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Mobility and Transport

Mobility Package: Questions and Answers

Mobility Package: Questions and Answers

Access to the profession

As of 4 December 2011, admission to the occupation of road haulage operator and road passenger transport operator in the European Union is governed by...

Road haulage

As of 4 December 2011, access to the international road haulage market is governed by Regulation (EC) No 1072/2009 that replaces Regulation (EEC) 881...

Social provisions

Road transport is essential to the economy in terms of its contribution to GDP. The sector also employs almost 5 million people in the EU. Making...

Weights and dimensions

In Europe, heavy goods vehicles, buses and coaches must comply with certain rules on weights and dimensions for road safety reasons and to avoid...

Parking areas

Sufficient parking areas along the European road transport network are needed to allow drivers to rest. These areas must be adapted to the needs of...

Non EU-countries

While road transport within the EU is harmonised and thus based on common EU rules, road transport between EU and non-EU countries (third countries)...

Passenger transport

As of 4 December 2011, the international carriage of passengers by coach and bus is governed by Regulation (EC) No 1073/2009 . This regulation...

Road charging

Taxation and infrastructure charging are important for maintaining and developing the trans-European infrastructure network. The EU has created a...

Promoting efficient, safe and green land transport

What does EU road transport policy want to achieve? Have a look at our web portal: "A Road Transport Strategy for Europe".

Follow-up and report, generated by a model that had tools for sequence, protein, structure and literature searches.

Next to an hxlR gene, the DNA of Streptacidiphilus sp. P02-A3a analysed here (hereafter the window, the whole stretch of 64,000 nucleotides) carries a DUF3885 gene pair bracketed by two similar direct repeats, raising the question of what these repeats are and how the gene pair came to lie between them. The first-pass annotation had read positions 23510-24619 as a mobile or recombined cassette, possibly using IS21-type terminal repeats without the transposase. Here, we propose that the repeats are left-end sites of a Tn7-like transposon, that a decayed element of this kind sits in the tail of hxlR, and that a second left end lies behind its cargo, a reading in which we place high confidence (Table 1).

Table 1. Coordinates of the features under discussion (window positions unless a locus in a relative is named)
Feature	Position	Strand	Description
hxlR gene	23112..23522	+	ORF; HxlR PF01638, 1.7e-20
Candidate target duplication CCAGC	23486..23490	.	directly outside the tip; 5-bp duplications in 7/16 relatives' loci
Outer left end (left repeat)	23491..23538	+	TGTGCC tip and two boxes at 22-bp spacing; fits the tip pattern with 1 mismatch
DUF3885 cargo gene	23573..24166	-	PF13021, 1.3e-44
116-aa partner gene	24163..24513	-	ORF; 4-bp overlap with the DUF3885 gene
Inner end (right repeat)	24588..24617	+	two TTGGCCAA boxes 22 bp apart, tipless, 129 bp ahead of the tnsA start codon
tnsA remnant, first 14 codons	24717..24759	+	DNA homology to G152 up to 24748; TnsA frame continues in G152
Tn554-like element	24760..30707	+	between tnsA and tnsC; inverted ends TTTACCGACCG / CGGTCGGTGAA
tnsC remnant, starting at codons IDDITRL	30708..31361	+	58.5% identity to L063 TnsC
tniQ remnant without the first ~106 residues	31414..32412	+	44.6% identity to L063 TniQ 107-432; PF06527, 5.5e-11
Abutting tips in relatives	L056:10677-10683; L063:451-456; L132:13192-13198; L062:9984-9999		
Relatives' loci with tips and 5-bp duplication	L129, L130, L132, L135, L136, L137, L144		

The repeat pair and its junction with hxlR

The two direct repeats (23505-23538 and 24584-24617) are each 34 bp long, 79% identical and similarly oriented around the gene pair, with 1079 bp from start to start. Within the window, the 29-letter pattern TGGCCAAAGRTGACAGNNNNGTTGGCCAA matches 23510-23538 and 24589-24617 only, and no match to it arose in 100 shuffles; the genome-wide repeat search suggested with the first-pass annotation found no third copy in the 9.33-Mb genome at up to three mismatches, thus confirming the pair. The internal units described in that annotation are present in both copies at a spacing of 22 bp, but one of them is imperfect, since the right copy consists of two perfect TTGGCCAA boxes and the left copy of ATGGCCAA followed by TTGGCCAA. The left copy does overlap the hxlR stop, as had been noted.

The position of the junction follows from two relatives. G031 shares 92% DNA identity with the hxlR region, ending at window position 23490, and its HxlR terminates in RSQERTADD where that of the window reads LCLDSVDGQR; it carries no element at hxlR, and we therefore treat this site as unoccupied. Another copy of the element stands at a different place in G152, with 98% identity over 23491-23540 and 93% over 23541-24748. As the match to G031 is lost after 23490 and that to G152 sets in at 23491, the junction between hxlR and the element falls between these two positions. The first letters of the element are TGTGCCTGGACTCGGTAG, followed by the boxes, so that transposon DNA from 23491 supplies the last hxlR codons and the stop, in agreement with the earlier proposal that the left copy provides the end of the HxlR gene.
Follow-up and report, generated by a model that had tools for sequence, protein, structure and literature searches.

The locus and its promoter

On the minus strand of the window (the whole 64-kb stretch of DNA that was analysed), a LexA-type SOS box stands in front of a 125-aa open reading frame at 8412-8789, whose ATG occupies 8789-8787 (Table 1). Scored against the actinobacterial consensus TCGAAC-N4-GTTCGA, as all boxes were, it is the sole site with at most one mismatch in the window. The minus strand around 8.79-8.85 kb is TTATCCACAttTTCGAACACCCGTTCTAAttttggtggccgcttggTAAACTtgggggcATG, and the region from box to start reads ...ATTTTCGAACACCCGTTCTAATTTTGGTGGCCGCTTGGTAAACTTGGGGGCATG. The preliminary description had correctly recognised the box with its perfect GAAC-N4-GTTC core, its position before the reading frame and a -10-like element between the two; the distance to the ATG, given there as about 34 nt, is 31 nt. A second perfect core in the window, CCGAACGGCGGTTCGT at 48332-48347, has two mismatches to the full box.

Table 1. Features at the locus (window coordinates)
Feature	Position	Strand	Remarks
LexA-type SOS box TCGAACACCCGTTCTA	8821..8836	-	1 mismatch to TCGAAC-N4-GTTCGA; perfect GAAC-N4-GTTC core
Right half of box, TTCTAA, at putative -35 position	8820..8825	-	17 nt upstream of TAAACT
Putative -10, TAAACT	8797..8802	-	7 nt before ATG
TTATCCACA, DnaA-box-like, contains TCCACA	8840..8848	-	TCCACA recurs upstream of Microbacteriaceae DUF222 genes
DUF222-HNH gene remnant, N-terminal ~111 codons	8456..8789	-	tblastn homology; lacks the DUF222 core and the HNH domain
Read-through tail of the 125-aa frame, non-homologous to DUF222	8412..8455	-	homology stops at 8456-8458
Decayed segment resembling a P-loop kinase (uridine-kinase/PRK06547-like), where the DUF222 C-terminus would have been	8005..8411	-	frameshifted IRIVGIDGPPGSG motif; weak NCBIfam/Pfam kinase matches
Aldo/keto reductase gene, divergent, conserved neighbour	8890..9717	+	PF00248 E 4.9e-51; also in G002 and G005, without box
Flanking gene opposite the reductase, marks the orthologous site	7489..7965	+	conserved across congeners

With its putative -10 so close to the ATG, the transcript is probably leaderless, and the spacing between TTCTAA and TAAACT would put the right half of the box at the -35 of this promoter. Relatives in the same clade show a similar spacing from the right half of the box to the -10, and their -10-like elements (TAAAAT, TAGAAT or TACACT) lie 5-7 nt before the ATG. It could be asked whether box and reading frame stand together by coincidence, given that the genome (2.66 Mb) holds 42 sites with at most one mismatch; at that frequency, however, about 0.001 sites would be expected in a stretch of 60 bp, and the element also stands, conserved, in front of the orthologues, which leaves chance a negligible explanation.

The aim of the European Union’s land transport policy is to promote mobility that is efficient, safe, secure and environmentally friendly.

The EU’s policy objectives for road transport are therefore to promote efficient road freight and passenger transport services, to create fair conditions for competition, to promote and harmonise safer and more environmentally friendly technical standards, to ensure a degree of fiscal and social harmonisation, and to guarantee that road transport rules are applied effectively and without discrimination.

The existing legislation applying to road transport services establishes common rules on access to the profession and to the market, sets minimal standards for working time, driving time and rest periods (including enforcement and the use of tachograph (devices) for professional road transport, and sets minimum annual vehicle taxes, as well as common rules for tolls and user charges for heavy goods vehicles. Moreover, it harmonises the maximum weights and dimensions of road vehicles. The Commission also promotes increasing the number of safe parking areas along the trans-European road network.

The most recent developments in the road transport market are described in the Road Freight Transport Vademecum (September 2011) and the most relevant statistics are available in the Transport PocketBook. In addition, the Commission adopted its Report on the State of the Union Road Transport Market (COM(2014)222) in April 2014.


Consequences of Brexit